|Laman Webantu KM2: 6299 File Size: 9.1 Kb *|
IHT: Downturn Tests Malaysia's Mettle
By Philip Bowring
6/11/2001 1:19 am Tue
[Sekali pandang ekonomi Malaysia nampak mampu bertahan tetapi bank sebenarnya
sudah semakin tertekan akibat hutang lapuk yang semakin mencengkam. Kadar faedah
yang rendah menyebabkan bank terpaksa digabungkan dan membuang ribuan pekerja.
Jika bank tidak sakit ia tidak akan membuang pekerjanya.... Ini bermakna
pekerja syarikat kroni yang kronik dan sarat berhutang hidup lebih tenteram
dari pekerja institusi yang memberi hutang. Mahathir telah memihak kepada
mereka yang melakukan kesilapan .....
International Herald Tribune Monday, November 5, 2001
Keeping Up Growth Will Be Difficult Amid an Export Slump
KUALA LUMPUR Malaysia is a key test of whether medium-sized
East Asian economies can keep up at least some growth in the face
of the sharp global downturn. At first glance, the odds appear poor.
Malaysia's total exports are 110 percent of its gross domestic
product, one of the highest proportions in the region and well ahead
of South Korea and Thailand. Electronics comprise 60 percent of
exports. The country's currency, the ringgit, is pegged to the U.S.
dollar, so its freedom to use monetary stimulus is small. And since
Sept. 11, it has been suffering from knee-jerk Western nervousness
about Muslim countries.
Officially, the government is keeping a brave face on things, despite
its forecast of a 10 percent fall in exports this year and a slump in
tourism. Its recent budget, focusing on further fiscal stimulus, forecast
growth of 1 percent to 2 percent this year, rising to 4 percent to 5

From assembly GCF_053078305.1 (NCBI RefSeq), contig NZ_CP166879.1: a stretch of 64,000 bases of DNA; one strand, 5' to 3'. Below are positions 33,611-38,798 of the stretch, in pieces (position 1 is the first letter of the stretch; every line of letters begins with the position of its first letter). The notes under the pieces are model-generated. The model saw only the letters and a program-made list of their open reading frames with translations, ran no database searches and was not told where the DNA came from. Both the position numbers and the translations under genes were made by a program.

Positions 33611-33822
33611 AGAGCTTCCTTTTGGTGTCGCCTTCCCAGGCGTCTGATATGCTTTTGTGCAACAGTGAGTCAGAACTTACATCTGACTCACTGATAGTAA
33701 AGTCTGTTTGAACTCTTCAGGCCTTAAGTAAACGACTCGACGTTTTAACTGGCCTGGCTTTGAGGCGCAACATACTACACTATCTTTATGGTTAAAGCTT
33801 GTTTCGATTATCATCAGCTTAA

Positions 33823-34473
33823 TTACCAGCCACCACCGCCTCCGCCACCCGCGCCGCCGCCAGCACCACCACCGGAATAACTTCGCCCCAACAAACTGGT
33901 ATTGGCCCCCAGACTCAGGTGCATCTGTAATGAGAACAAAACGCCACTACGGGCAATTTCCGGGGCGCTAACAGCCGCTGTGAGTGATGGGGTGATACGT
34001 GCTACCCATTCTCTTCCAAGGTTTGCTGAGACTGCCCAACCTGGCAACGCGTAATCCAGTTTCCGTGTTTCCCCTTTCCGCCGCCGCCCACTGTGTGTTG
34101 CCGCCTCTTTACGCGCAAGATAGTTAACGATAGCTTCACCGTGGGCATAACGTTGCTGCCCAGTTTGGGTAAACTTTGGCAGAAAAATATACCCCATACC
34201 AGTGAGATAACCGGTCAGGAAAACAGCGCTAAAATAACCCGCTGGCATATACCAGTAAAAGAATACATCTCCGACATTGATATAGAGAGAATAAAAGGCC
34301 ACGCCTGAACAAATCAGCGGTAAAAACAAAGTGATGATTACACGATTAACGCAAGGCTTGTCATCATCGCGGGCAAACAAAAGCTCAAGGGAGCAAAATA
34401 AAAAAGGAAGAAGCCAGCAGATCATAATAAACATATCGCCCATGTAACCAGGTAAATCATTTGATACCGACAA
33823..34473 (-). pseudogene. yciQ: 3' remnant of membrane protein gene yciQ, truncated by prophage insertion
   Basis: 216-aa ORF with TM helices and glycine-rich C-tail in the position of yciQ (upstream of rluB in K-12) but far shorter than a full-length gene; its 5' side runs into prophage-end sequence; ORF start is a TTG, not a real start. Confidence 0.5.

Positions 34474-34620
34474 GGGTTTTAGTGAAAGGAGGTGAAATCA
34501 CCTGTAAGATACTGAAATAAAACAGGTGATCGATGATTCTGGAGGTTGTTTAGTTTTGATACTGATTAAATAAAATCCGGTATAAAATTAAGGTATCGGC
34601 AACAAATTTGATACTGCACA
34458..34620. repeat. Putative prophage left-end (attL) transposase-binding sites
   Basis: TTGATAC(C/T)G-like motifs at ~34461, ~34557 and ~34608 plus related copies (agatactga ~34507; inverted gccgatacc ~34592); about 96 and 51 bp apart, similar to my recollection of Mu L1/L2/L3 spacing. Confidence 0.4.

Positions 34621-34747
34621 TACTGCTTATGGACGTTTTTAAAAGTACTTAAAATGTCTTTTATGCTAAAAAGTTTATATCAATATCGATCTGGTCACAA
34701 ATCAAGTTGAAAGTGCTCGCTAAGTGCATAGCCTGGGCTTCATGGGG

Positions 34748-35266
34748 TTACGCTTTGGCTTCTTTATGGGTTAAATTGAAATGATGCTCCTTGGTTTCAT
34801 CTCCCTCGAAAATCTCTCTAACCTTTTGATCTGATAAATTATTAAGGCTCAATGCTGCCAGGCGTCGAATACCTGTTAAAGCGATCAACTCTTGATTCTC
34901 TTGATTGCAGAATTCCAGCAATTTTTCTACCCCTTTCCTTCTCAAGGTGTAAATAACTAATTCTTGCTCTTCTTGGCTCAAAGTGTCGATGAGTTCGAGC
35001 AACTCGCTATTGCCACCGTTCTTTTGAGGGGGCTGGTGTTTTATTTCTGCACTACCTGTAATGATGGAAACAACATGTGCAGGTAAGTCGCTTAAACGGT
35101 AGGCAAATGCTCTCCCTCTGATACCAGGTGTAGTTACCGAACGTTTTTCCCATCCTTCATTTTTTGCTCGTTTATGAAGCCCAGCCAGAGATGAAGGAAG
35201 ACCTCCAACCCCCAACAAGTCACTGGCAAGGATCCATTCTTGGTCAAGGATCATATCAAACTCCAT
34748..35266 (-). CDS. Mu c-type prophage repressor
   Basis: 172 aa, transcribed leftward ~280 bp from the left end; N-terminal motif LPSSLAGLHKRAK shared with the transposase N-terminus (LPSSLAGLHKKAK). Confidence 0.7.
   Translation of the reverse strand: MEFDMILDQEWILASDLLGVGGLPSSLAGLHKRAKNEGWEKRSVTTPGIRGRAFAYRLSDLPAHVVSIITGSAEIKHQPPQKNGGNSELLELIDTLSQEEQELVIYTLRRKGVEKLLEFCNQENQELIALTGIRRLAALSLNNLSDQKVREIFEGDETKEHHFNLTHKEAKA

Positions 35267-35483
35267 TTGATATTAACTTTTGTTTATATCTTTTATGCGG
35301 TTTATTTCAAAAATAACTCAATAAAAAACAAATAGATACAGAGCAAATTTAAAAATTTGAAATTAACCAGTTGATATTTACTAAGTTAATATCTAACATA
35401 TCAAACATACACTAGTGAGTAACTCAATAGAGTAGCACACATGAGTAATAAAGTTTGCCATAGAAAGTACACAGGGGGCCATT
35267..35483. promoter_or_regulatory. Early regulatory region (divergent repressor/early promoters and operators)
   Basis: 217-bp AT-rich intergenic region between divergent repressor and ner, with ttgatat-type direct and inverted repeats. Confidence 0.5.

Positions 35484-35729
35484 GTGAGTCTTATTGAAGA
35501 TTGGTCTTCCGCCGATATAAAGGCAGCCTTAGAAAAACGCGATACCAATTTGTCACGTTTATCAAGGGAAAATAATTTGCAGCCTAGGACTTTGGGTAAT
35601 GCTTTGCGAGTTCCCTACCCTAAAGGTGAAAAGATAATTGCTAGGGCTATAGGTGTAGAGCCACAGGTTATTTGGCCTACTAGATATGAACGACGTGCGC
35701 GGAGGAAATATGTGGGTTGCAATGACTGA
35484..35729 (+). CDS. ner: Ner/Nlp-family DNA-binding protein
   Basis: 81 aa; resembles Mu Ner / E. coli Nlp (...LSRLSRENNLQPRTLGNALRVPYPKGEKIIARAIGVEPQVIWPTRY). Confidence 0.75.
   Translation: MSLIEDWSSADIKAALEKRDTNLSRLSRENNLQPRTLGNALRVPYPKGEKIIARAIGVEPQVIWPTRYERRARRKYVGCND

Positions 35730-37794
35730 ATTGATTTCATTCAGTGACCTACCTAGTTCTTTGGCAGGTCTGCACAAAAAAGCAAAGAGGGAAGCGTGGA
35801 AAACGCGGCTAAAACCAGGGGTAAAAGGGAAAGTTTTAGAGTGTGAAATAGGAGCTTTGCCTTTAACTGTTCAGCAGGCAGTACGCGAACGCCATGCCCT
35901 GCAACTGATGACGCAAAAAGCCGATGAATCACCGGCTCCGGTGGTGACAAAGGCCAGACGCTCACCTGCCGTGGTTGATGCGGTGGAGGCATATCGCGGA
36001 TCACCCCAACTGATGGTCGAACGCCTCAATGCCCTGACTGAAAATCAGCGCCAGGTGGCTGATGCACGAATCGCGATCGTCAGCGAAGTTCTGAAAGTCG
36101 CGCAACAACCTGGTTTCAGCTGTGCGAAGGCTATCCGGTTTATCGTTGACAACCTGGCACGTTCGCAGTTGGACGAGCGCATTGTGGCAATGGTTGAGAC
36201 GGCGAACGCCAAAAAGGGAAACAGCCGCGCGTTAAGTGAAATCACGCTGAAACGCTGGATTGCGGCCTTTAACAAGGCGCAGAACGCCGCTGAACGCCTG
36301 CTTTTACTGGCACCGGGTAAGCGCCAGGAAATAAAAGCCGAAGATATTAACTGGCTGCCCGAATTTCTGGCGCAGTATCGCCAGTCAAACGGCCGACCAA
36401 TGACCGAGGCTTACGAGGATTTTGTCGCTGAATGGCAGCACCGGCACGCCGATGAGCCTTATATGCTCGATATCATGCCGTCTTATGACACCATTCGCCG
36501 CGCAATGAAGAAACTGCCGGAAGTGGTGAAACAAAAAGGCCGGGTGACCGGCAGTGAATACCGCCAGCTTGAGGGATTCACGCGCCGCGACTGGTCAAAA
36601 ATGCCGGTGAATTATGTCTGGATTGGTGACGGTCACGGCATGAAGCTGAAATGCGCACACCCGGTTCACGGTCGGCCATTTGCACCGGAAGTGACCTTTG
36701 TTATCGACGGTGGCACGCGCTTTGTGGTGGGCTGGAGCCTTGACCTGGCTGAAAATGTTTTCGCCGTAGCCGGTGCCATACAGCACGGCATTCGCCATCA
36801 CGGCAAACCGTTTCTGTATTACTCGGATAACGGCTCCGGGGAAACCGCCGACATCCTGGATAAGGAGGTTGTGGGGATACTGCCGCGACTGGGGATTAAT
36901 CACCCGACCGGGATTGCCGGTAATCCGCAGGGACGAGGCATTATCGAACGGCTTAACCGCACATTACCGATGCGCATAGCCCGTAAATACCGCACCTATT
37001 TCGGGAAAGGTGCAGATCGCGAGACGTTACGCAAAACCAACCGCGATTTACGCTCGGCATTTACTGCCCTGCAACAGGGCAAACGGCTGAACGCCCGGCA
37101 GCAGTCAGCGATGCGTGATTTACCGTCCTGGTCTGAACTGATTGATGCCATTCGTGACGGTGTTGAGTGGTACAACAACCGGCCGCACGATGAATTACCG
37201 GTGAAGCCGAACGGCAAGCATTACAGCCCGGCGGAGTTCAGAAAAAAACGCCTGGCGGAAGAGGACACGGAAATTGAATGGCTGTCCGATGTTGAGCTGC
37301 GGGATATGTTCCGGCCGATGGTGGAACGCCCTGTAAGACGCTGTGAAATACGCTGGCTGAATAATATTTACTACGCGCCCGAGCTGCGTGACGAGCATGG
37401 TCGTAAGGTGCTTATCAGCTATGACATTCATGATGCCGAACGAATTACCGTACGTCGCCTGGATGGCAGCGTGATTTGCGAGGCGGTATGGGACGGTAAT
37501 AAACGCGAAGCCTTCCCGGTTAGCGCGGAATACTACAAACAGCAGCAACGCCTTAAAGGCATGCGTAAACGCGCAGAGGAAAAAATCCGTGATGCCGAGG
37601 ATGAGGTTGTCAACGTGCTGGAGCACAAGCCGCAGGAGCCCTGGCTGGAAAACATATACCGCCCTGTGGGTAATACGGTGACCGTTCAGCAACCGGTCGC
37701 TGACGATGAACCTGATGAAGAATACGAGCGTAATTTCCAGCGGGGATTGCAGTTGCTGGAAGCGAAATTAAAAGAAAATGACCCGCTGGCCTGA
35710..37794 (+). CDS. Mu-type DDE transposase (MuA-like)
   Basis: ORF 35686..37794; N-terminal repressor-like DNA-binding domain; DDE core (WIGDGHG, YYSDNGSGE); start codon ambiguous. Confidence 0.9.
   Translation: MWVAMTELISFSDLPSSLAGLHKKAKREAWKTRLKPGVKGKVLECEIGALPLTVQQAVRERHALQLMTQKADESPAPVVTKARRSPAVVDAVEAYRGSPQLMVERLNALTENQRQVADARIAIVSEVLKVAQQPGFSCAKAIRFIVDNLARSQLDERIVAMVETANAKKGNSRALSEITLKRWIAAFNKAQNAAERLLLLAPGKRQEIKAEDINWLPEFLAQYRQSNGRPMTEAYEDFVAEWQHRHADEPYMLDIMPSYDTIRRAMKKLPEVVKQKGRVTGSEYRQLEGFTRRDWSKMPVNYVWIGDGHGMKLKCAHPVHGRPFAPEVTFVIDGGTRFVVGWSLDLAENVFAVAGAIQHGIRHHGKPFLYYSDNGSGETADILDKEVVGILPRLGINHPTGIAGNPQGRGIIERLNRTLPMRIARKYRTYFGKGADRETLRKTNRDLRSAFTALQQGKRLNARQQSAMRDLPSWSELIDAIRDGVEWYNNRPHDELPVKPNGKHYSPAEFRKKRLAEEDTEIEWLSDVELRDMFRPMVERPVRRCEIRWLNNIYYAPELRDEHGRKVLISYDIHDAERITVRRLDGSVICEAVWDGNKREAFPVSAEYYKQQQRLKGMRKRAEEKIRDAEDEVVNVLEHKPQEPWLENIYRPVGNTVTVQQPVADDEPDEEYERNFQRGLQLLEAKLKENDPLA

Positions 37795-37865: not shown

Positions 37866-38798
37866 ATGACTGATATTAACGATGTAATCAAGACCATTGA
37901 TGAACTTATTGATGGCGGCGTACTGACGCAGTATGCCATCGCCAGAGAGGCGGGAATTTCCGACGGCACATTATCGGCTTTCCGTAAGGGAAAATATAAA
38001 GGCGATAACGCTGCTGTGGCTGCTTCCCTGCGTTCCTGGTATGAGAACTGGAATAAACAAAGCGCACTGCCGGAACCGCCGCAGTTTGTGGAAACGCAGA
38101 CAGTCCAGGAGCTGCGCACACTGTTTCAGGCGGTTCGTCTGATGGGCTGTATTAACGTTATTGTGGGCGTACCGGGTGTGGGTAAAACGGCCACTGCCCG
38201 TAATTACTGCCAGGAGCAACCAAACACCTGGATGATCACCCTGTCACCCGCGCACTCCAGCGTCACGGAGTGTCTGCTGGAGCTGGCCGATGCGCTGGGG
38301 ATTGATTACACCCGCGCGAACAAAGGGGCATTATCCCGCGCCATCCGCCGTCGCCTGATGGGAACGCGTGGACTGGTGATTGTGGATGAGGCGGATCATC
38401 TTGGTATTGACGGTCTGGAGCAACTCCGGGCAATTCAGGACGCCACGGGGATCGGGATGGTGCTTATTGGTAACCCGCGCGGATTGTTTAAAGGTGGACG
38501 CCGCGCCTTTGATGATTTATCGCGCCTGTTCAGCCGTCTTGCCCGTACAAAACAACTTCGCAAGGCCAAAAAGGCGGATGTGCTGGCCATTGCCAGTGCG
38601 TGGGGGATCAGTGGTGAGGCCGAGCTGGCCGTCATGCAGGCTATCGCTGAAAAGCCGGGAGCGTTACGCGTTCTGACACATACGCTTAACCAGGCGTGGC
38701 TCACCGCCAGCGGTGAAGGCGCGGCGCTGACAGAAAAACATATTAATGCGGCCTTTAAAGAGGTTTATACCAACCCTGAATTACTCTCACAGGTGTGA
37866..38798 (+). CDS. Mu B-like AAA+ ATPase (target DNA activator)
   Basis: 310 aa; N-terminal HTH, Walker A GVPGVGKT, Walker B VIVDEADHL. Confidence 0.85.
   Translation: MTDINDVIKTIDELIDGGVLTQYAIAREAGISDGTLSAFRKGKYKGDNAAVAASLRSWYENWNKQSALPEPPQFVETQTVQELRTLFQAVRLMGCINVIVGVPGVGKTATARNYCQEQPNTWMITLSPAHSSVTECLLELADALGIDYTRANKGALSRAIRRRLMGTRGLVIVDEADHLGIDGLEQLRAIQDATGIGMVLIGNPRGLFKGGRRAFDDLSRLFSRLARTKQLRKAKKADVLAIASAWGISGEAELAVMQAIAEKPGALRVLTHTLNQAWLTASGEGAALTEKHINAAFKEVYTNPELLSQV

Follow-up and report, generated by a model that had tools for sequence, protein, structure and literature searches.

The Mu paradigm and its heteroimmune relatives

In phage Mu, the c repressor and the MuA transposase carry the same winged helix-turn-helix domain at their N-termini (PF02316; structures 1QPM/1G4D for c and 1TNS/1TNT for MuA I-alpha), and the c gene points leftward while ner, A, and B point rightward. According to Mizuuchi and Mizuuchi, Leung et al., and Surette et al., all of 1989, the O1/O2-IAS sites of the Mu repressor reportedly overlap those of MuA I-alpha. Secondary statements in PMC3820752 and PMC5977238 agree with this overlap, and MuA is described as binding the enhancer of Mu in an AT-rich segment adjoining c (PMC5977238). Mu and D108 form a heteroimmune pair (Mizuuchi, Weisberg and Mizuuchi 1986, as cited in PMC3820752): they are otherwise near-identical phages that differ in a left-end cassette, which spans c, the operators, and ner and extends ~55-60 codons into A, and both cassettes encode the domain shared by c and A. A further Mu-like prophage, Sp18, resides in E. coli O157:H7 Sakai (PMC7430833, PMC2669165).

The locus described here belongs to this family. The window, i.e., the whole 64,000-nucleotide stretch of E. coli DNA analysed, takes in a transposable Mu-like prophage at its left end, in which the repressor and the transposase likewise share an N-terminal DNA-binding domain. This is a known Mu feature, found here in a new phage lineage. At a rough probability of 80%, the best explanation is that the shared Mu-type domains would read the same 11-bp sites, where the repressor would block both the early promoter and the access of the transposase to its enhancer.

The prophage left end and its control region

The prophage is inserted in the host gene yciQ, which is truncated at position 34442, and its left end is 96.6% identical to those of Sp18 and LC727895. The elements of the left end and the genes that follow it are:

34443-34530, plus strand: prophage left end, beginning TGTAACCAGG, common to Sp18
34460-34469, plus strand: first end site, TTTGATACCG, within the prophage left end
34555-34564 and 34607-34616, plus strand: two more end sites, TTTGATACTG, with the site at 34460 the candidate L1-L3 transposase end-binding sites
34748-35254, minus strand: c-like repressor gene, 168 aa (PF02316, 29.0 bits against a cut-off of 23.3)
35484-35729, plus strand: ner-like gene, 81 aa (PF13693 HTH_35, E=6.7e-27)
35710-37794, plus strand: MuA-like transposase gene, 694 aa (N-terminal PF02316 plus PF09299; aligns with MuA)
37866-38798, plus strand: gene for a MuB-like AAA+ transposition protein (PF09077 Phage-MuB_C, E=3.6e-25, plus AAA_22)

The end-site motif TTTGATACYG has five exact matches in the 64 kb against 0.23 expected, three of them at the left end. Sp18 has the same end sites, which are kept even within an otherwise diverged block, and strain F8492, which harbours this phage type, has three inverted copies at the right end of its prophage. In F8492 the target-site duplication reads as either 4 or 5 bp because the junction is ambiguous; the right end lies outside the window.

percent in 2002. In contrast, the consensus of private forecasts calls
for zero growth this year and 3 percent next year.
Some are even more bearish.
The electronics situation is certainly bad. Ten of thousands of
people have been laid off as global demand has slumped. Malaysia
has also lost some manufacturing to China as suppliers have
followed the call of end users to the mainland.
This has more than offset some shifts from Singapore to Malaysia.
But the macroeconomic impact of the bust has been less than was
feared. Because the value added to electronics is less than 30
percent, component imports have fallen as fast as exports, so
Malaysia's terms of trade in electronics have not been affected.
Commodity exports - palm oil, oil and gas, rubber - have had mixed
fortunes, but overall prices and volumes have been satisfactory.
The net result is that Malaysia will have a large current-account
surplus this year of around $6.8 billion, or 8 percent of GDP. Most
forecasts for 2002 are for a similar or only slightly lower figure.
So if there is a recession here, it will be of a very different kind from
that of 1998, which was caused by excessive debt creation and
current-account deficits. This time the problem is to spur monetary
growth and stimulate domestic demand to the point where there is a
sharp fall in the current-account surplus.
The budget announced last month endeavored to do that through a
deficit of 6 percent of GDP, by means of a mix of personal tax cuts,
infrastructure spending and a 10 percent pay increase for civil
servants - partly politically motivated by the governing party's
desire to win back the loyalty of Malays who dominate the public
The deficit looks big, coming on top of one totaling 7 percent of GDP
this year, which has been bolstered by two anti-recession
supplementary budgets. Deficits since the Asian crisis have now
averaged 4.5 percent of GDP. Some observers worry that large
deficits are becoming endemic and a long-term drag on the
economy as the servicing costs outweigh the gains from public
But others suggest that the huge external surplus is evidence of the
need for more stimulus. Domestic demand, as much as exports, have
to be the key to future growth. The ratio of government debt to GDP
is still only 40 percent, half the peak reached after the recession of
For now the government is steering a middle course on the size of
the deficit but has left itself room for additional stimulus should the
picture deteriorate. That will depend not just on external factors but
on whether consumers will spend their extra cash.
Also uncertain is whether government infrastructure spending will